LONDON -- Rafael Nadal may be one of the main draws for the ATP Finals this year but it is not just fans who are at the O2 Arena for the Spaniard.
Pablo Carreno Busta and Sam Querrey are ostensibly here with eyes on the world No. 1, too, as they are the two alternates organisers insisted be here in case one of the singles players gets injured -- which is exactly what happened to Nadal on Monday night.
Nadal had always seemed the player mostly likely to withdraw in these early stages and Carreno Busta knew better than most how well his knee was progressing before the world No. 1's first -- and last -- match, after fulfilling the role of hitting partner on the practice court beforehand.
But for a poor showing at the Paris Masters, Carreno Busta would have been one of the top eight regardless of Nadal's status, but now he takes his place in the draw.
However, it's a long way from home at the end of the season for California's Querrey. Still, there's always the $105,000 (£80,000) alternate's fee he will be paid to cheer him up.
Roll up, roll up ... tickets still available
Could London be falling out of love with the ATP Finals after a run of hosting the event at the O2 Arena that stretches back to 2009?
Interest usually seems high and the atmosphere at matches pretty good, but ticket sales this year have been disappointing so far.
While Sunday's opening afternoon session -- in which Roger Federer played and Nadal received his year-end world No. 1 prize -- drew a 17,800 capacity crowd, the attendance for the evening matches was noticeably down, with 16,117 in the arena.
The first-day figures were slightly down on last year overall, and in 2015 and 2014 both sessions on the opening day were sold out.
The numbers for the rest of the tournament don't look great either, at this stage. Saturday and Sunday, when the semifinals and final are played, are sold out but tickets are available for every other session.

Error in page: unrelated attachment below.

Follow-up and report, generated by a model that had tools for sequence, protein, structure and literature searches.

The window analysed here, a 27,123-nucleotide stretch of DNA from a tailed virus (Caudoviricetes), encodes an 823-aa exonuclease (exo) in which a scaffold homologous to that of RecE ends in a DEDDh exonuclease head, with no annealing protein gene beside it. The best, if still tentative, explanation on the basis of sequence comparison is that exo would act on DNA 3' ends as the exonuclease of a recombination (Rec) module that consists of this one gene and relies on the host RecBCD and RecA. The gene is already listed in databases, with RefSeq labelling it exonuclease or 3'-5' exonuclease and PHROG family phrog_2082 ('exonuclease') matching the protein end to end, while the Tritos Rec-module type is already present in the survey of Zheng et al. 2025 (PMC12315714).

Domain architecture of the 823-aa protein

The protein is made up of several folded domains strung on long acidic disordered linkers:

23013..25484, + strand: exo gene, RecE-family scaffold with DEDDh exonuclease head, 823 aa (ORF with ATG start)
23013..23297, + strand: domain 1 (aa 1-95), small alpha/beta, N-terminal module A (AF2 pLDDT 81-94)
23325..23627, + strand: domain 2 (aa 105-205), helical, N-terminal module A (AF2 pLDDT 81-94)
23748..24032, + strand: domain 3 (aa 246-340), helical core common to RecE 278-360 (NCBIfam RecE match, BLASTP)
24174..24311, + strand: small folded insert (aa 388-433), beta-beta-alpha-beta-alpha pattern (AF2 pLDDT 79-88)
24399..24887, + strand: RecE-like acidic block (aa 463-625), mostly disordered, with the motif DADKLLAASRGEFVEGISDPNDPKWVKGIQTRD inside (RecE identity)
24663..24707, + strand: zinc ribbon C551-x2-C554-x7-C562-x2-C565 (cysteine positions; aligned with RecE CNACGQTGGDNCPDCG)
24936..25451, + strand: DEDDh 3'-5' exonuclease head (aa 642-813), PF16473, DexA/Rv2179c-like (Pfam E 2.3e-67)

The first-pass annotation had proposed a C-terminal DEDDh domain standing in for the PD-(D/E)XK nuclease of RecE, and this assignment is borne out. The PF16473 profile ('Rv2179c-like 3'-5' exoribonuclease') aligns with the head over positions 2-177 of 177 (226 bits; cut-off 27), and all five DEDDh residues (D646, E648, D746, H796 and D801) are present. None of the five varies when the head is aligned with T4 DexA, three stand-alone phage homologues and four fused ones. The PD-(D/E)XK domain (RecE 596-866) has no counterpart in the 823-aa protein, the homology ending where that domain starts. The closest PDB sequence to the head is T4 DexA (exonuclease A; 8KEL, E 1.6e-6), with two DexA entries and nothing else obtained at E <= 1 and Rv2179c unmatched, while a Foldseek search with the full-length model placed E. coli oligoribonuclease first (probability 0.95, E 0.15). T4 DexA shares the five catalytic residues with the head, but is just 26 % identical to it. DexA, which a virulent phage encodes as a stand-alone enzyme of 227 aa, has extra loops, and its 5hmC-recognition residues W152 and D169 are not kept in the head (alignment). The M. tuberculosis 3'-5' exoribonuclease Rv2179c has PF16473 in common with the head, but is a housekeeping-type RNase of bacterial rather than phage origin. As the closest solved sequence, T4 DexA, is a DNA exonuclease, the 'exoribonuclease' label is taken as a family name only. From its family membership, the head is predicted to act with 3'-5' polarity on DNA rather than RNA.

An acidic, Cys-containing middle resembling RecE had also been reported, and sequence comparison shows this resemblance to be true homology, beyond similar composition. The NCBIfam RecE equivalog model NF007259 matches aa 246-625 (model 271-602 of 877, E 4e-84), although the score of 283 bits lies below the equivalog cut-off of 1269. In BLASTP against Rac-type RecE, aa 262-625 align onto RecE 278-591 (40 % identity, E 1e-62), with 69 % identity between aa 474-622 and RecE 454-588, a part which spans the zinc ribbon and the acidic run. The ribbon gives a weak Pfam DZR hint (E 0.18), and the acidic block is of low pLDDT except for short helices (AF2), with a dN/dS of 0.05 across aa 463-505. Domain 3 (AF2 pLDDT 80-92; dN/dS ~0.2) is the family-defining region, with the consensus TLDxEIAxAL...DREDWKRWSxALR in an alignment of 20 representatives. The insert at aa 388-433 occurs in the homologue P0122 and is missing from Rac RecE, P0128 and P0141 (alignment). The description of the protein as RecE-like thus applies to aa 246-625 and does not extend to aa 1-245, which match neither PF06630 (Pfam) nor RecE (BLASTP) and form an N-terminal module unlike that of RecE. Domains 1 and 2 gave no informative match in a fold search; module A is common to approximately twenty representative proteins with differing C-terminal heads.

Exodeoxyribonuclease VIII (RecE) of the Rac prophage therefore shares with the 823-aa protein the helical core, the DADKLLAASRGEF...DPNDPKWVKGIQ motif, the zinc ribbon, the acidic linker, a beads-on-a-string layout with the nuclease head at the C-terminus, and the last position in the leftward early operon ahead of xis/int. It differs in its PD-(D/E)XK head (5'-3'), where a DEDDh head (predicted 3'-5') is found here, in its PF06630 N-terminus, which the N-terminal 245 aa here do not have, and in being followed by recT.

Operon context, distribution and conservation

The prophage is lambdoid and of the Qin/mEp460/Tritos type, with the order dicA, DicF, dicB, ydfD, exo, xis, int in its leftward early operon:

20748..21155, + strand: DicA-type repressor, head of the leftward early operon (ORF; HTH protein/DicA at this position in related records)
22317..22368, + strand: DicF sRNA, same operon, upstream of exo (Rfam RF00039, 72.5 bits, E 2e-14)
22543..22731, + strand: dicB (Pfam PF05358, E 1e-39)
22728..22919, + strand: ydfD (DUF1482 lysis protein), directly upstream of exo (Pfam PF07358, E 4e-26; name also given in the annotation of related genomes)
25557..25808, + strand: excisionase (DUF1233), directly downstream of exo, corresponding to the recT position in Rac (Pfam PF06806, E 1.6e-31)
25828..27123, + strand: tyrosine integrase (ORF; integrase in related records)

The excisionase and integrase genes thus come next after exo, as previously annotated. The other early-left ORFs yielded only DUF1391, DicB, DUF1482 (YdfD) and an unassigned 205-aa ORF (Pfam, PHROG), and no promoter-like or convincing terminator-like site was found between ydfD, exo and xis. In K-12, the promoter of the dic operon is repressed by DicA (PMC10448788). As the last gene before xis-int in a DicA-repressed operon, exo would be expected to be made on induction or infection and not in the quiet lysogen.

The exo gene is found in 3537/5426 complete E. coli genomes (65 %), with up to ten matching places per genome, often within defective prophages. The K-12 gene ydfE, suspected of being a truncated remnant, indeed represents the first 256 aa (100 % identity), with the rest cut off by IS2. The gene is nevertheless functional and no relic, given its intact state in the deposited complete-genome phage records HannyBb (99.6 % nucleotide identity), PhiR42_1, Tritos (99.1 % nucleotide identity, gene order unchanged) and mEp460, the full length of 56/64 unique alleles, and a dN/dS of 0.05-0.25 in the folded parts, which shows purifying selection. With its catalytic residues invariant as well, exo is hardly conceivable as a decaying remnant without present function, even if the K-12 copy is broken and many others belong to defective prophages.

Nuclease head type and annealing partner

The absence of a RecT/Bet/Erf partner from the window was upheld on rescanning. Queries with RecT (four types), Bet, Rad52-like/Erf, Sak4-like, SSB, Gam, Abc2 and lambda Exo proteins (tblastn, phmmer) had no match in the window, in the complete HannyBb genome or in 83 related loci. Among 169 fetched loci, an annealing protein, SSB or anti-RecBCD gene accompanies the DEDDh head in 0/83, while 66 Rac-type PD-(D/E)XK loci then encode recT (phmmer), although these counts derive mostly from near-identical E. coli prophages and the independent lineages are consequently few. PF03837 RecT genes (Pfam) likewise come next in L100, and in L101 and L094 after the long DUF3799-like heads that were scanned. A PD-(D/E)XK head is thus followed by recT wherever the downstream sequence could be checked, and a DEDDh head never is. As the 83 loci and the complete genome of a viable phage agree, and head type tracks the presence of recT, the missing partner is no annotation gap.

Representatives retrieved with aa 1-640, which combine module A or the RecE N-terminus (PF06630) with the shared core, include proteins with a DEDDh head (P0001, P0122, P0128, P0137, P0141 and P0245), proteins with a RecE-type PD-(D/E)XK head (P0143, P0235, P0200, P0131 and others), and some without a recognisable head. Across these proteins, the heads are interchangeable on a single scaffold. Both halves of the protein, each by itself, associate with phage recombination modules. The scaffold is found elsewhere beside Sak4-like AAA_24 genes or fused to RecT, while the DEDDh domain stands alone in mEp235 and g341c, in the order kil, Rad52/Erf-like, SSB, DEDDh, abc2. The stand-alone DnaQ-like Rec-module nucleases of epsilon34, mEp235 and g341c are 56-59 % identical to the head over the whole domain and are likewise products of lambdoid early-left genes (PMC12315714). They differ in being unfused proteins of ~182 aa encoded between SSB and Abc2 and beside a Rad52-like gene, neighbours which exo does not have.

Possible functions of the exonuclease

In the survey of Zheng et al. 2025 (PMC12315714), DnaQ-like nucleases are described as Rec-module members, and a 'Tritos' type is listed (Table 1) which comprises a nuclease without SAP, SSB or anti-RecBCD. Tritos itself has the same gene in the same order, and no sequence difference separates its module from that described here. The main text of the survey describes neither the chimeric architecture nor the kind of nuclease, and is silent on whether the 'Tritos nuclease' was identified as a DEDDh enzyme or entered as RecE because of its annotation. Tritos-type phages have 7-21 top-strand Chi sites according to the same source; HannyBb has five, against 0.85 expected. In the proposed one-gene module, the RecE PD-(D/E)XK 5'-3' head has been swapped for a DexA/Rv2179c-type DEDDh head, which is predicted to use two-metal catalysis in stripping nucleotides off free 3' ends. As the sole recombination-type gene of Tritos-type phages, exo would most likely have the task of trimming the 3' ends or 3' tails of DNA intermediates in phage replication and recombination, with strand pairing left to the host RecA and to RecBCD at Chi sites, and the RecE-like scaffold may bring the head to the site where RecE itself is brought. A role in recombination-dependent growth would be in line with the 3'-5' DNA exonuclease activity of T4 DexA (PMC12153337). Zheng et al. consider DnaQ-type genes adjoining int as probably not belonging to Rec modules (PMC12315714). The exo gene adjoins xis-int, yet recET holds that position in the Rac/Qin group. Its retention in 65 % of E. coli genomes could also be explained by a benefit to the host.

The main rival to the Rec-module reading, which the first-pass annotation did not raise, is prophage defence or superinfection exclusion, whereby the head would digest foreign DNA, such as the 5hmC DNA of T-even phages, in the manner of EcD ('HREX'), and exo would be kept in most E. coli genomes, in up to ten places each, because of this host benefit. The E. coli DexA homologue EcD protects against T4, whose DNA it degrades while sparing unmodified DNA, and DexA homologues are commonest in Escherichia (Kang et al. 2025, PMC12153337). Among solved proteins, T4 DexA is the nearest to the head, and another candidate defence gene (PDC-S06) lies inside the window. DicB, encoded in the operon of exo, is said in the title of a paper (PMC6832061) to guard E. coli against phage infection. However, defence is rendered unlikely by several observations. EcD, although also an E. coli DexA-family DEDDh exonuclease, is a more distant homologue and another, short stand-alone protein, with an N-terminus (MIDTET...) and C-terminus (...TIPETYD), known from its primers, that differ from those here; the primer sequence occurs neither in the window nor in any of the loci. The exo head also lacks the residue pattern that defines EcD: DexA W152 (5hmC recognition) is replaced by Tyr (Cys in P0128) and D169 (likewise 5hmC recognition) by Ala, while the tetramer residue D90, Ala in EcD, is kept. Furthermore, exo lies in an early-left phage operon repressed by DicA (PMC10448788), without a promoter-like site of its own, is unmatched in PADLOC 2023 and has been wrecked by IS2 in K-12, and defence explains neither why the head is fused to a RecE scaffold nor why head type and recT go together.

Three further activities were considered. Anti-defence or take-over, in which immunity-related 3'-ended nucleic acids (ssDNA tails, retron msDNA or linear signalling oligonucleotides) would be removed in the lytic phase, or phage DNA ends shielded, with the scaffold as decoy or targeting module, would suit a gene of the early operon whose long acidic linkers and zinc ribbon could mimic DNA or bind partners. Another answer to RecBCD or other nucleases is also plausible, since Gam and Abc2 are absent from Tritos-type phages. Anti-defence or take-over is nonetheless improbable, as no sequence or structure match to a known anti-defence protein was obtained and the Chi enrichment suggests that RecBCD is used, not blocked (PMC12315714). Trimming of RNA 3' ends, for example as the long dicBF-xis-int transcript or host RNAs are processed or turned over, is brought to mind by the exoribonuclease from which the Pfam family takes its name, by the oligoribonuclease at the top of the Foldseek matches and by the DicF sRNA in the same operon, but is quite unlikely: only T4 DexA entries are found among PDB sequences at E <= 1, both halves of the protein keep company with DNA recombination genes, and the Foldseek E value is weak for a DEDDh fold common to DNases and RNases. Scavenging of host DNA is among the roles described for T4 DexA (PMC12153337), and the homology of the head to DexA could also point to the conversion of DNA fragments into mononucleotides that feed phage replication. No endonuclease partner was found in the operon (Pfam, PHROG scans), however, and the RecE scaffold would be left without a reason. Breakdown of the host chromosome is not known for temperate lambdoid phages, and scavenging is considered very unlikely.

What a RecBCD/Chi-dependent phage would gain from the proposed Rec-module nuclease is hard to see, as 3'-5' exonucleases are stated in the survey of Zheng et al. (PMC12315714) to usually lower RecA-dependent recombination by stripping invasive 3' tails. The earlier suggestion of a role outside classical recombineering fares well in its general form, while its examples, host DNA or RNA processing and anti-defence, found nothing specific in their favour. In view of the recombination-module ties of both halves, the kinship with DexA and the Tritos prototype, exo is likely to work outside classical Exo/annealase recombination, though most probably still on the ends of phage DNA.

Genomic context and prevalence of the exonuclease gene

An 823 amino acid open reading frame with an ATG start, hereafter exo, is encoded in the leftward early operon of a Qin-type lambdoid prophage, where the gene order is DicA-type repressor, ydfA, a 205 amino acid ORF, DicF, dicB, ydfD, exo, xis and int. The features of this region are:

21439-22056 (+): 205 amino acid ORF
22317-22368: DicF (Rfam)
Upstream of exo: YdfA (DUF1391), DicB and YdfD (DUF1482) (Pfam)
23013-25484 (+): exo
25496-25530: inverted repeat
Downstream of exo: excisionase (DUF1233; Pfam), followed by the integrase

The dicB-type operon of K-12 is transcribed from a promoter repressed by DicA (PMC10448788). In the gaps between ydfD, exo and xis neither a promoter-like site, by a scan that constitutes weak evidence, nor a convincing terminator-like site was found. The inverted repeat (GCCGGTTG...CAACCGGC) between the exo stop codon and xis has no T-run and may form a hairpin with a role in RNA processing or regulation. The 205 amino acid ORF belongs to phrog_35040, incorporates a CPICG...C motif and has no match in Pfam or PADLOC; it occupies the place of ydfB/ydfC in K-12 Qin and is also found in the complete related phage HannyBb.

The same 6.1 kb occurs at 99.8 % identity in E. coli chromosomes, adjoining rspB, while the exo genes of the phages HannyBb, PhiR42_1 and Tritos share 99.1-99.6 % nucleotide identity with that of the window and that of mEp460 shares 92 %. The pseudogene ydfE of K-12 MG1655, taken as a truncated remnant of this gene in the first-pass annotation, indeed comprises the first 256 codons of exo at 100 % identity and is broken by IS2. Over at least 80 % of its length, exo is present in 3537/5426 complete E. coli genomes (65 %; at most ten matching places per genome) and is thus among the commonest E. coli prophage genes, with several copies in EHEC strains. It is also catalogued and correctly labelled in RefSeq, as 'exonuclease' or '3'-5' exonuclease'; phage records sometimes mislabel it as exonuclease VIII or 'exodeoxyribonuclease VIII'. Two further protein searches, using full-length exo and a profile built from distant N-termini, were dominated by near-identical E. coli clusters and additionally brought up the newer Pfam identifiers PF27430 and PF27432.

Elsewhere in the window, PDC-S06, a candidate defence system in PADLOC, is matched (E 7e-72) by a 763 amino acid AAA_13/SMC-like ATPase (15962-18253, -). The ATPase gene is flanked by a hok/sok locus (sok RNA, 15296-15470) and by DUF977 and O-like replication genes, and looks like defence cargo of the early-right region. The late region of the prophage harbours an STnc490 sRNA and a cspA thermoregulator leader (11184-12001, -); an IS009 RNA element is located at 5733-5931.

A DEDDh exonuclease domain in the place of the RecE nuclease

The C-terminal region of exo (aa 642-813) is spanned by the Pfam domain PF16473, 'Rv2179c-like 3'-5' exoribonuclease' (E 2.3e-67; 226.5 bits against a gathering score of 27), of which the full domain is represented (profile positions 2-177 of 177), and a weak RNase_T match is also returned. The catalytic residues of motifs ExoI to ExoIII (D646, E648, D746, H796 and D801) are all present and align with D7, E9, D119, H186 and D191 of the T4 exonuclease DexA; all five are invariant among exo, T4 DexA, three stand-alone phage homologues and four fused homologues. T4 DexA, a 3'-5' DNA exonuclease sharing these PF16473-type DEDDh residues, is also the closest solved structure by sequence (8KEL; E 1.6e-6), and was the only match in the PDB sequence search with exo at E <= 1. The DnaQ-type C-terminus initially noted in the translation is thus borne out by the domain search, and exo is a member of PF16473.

In fact, as of Monday afternoon, fans could still buy the maximum allocation of eight seats together for the Friday evening session.
Soares shrugs off Milan controversy
The raunchy catwalk draw for the Next Gen Finals in Milan last week may have been seen as sexist by some and drawn a fulsome apology from the organisers -- the ATP and Red Bull -- but Bruno Soares didn't see anything wrong with it.
"No one there seemed to be bothered with anything," the doubles partner of Jamie Murray told a news conference. "I was, to be honest, a bit surprised with all the negative [reaction] it got. I understand people not liking it, the way it was.
"I don't know, for me it was just an event. We were there. No one said anything. We enjoyed [it]. Couple [of] laughs here and there. We all left. Then it got a bit crazy. Everyone's got their own opinion, so ... got to respect that."
Murray wasn't particularly switched on to the event's significance, either, despite it being billed as a testing ground for the future of the game, with a series of rule changes trialled and doubles excluded.
"It didn't occur to me really whether there was doubles or not," said Andy Murray's older brother. "I don't think it would have made that much difference to the event, really. It's not like there's young guys just really playing doubles. They would have had a hard time finding eight players, I think, under 21 to play in the doubles event."
It's a dog's life for Zverev
The presence of Alexander Zverev's family dog Lovik is becoming a familiar sight on tour, with an ATP official saying "it is always with him".
The talented young German has spoken about how much the pet means to him, too, this year, and Lovik has travelled with him to London for these finals. So important, in fact, is Lovik that he has been helping out Zverev on the practice court.
As the world No. 3 continues his rise toward the top of the men's game, he should be in good company on the canine-loving front: both Andy Murray and Novak Djokovic have shown similar affections in the past.
Dreamer Dimitrov sets new standard for Bulgaria
He hit a few show-stopping shots in the three-set success and the victory was a first for people back home, too, as no-one from Bulgaria has made the finals before.
"It's not only big for me, I think it's for my whole country, for Bulgaria," he said. "It's great for me to show that everything is possible. You push the boundaries, doesn't matter where you're from, it's all up to you, everything is in your hands. Basically whatever you put in is what you get.
"I hope the country and for the people, just to realize that whatever you put your mind into, if you push those boundaries every day, if you work hard, the sky's the limit. You can dream every day. I'm a dreamer."